Where the show faltered was when smart characters did really dumb things to advance the plot and where the Hand hierarchy overplayed the melodramatic villain stuff. I know there are those who contend that bad choices make good stories - and I don’t necessarily find fault with that - but dumb choices infuriate me.

After the screening, Arvell, Wanda and I went to the Europan Café, which was just around the corner from the ABC Building. The Jones couple are among my favorite people, so I was glad for the chance to spend some additional time with them.

I would be flying back to Cleveland early Saturday morning. On my own for the rest of Friday, I decided to return to the AMC 25 and see another movie I had been wanting to see Spider-Man Homecoming. As with Atomic Blonde, the theatre showing it was on the top floor of the six-floor multiplex.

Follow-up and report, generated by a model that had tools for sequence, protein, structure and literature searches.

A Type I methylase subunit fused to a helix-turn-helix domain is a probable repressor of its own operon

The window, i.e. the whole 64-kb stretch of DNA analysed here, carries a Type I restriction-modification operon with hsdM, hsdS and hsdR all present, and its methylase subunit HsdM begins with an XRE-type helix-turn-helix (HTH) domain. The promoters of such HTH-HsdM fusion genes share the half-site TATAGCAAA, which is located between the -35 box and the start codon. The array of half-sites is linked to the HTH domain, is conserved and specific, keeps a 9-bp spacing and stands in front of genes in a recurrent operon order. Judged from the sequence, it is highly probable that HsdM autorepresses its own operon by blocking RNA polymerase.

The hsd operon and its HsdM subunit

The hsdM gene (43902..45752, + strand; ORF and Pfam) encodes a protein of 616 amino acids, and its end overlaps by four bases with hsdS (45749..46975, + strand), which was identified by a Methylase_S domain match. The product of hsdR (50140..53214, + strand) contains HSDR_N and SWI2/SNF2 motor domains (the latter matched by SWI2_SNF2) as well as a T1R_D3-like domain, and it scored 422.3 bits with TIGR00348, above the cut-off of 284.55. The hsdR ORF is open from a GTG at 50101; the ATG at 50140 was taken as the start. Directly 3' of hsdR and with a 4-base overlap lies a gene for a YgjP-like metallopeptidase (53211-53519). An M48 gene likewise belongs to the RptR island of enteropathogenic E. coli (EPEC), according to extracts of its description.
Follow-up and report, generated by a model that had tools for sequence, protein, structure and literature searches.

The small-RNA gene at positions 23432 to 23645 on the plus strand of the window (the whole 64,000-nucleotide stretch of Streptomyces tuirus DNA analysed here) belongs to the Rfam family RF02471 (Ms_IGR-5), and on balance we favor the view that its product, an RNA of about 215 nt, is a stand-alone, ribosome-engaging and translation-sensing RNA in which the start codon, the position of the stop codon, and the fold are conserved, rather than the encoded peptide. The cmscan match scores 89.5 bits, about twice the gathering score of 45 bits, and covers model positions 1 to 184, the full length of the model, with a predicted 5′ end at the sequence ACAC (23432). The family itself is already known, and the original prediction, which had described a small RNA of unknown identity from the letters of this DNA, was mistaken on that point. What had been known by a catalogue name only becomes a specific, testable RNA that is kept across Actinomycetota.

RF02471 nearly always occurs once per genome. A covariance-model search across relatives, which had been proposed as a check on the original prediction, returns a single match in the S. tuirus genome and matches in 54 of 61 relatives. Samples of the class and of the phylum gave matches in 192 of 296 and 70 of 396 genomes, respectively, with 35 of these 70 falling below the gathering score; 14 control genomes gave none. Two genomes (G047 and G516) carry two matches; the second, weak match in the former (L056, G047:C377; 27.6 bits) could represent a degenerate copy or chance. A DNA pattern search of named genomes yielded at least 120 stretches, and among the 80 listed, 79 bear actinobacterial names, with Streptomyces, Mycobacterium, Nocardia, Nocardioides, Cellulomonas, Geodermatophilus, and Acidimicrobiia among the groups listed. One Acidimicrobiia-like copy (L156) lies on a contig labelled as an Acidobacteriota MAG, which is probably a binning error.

As I rode the escalator to the sixth floor, two young women ahead of me kept looking at me with puzzled expressions on their faces. When we got to the sixth floor and when they saw me heading to the Spider-Man showing, they figured it out.

THEM: You’re that comic-book guy!

ME: Huh?

THEM: You’re Black Lightning!

ME: He’s darker and taller than me.

THEM: No, you’re Tony Isabella! You created Black Lightning!

They were pretty excited to meet me, but I was just as excited to have been recognized by two young women who were probably a third of my age. They were avid comics fans and were looking forward to Black Lightning. We talked for maybe fifteen minutes - I try to get to my appointments early - and then took our seats.